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Expected suckled calf slump is here

16 October 1998

Expected suckled calf slump is here

SUCKLED calf prices have slumped, with buyers wary of spending money.

Not that many have got money to spend anyway: Finished cattle were making under 80p/kg lw this week and returns from sheep and grain remain in the doldrums.

As the sale season gears up, suckled calves are changing hands for £100/head less than last year in some areas.

"The most depressing sale I have ever sold cattle at," says Dennis Hunt, manager of Horsen Farm, Simonsbath after last weeks auction at Cutcombe, Somerset.

His heifers were making from 48p to 58p/kg. The steers, offered with all subsidies unclaimed in a bid to "entice more buyers", made from 105p to 114p/kg.

"I came home very disappointed," he says. "I usually enjoy taking quality there and seeing them sold."

The trouble is, says Mr Hunt, the finished cattle trade is lacklustre, leaving farmers wary about buying stock to fatten. "People are afraid to gamble."

Many of the people with stock to sell, meanwhile, are unable to delay selling – even if they wanted to. Housing space is limited and cows and sheep often get first call.

"Its a long winter here on the moor. We have to think twice about what we can keep."

Overall, steers and heifers averaged £250 at the Cutcombe offering last Wednesday, says auctioneer Peter Huntley. As to how that compared with last year? "I havent dared look," he says.

Contributing to the price drop was the smaller size of many of the animals on offer. "Its been too wet for everything," says Mr Huntley. "The lambs arent doing – and you can see it in the cattle, too."

Among the heifers, the stronger stock was in more demand, he adds. Creep feeding paid off in some cases, with a few extra customers for the 300kg-plus sorts.

At St Boswells, Borders, auctioneer Jack Clark reckons Aberdeen Angus calves are making a premium, with the end-product worth more. His comments follow last Thursdays offering, where bullocks averaged 106.5p/kg (£438/head), compared with 121.5p (£516) last year.

The heifers at St Boswells levelled 67p/kg (£242/head); last autumn saw them at 90.3p/kg and £305.

Inevitable

Duncan Sinclair, Meat and Livestock Commission economist, dubs such drops inevitable.

"You just need to look at the way the finished price has moved."

Prime cattle are now making 80p/kg, compared with about 96p/kg this time last year. A 550kg steer will, therefore, gross about £80 less. "Animals are now being bought at a price where there is a greater potential for making money," he adds.

"Suckled calf buyers have lost money for the last two years and they cant afford to do it again."

&#8226 For a picture round-up of a big West Country calf auction, see page 38.

Seeing red…suckled calf sellers have been disappointed to see prices tumble from the levels of last year. But it was inevitable, say some commentators, as buyers look to get them cheap – or not at all.

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  • News

Expected suckled calf slump is here

By FW Staff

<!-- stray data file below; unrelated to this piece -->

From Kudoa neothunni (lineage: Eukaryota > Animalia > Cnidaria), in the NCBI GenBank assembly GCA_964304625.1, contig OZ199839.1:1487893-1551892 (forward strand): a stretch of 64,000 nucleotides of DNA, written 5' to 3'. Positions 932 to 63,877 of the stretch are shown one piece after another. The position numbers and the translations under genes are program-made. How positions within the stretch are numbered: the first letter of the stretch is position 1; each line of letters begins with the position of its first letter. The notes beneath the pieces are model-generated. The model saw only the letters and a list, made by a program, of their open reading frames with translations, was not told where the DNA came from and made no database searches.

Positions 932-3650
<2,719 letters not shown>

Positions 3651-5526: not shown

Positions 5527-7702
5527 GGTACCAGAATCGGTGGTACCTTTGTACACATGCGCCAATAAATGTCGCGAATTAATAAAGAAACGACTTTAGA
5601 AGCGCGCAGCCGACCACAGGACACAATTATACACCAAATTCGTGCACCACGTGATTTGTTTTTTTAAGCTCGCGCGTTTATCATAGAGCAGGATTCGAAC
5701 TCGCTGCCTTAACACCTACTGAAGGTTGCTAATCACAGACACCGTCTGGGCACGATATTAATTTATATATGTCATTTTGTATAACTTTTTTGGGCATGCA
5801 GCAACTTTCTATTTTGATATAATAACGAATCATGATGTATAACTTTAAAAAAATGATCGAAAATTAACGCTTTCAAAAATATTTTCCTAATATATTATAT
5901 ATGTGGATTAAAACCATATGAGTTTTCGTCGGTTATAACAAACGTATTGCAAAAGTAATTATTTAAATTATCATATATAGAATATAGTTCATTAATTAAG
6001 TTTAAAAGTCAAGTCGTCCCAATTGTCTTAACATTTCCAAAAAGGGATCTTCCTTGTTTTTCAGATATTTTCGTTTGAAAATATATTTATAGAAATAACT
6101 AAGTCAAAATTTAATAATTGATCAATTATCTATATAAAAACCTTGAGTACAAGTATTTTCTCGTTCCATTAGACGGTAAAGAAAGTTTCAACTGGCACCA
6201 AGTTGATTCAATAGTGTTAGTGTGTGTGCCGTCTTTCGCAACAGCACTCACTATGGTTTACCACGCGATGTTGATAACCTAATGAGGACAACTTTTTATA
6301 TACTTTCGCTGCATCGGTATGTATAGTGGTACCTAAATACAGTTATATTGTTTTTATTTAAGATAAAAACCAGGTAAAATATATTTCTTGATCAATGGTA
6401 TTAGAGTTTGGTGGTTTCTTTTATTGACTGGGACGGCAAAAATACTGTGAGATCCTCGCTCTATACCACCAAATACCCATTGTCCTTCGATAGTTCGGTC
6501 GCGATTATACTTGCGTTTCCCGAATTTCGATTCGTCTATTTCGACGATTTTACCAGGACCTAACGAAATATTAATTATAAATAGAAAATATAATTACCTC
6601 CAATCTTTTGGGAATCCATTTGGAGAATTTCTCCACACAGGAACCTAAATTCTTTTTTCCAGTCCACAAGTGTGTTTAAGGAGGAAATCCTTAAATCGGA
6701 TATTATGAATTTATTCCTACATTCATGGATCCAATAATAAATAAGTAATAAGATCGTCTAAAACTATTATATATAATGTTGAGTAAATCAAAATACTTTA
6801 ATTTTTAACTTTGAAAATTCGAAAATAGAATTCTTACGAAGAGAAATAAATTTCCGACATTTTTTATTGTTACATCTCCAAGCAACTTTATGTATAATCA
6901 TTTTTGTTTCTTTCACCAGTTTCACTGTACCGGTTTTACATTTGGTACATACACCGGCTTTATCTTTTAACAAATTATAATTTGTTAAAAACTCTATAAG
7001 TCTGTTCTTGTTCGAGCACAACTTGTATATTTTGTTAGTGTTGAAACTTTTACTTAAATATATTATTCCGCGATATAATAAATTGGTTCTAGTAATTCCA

SUCKLED calf prices have slumped, with buyers wary of spending money. Not that many have got money to spend: Finished cattle were making under 80p/kg liveweight this week and returns from sheep and grain remain in the doldrums.

As the sale season gears up, suckled calves are changing hands for £100/head less than last year in some areas.

“The most depressing sale I have ever sold cattle at,” says Dennis Hunt, manager of Horsen Farm, Simonsbath after last weeks auction at Cutcombe, Somerset.

His heifers were making from 48p to 58p/kg. The steers, offered with all subsidies unclaimed in a bid to “entice more buyers”, made from 105p to 114p/kg.

The trouble is, says Mr Hunt, the finished cattle trade is lacklustre, leaving farmers wary about buying stock to fatten. “People are afraid to gamble.”

Many of the people with stock to sell, meanwhile, are unable to delay selling – even if they wanted to. Housing space is limited and cows and sheep often get first call.

Overall, steers and heifers averaged £250 at the Cutcombe offering last Wednesday, says auctioneer Peter Huntley. As to how that compared with last year? “I havent dared look,” he says.

Contributing to the price drop was the smaller size of many of the animals on offer. “Its been too wet for everything,” says Mr Huntley. “The lambs arent doing – and you can see it in the cattle, too.”

Among the heifers, the stronger stock was in more demand, he adds. Creep feeding paid off in some cases, with a few extra customers for the 300kg-plus sorts.

At St Boswells, Borders, auctioneer Jack Clark reckons Aberdeen Angus calves are making a premium, with the end-product worth more. His comments follow last Thursdays offering, where bullocks averaged 106.5p/kg (£438/head), compared with 121.5p (£516) last year.

The heifers at St Boswells levelled 67p/kg (£242/head); last autumn saw them at 90.3p/kg and £305.

Duncan Sinclair, Meat and Livestock Commission economist, dubs such drops inevitable. “You just need to look at the way the finished price has moved.”

Prime cattle are now making 80p/kg, compared with about 96p/kg this time last year. A 550kg steer will, therefore, gross about £80 less. “Animals are now being bought at a price where there is a greater potential for making money,” he adds.

“Suckled calf buyers have lost money for the last two years and they cant afford to do it again.”

    Read more on:
  • News
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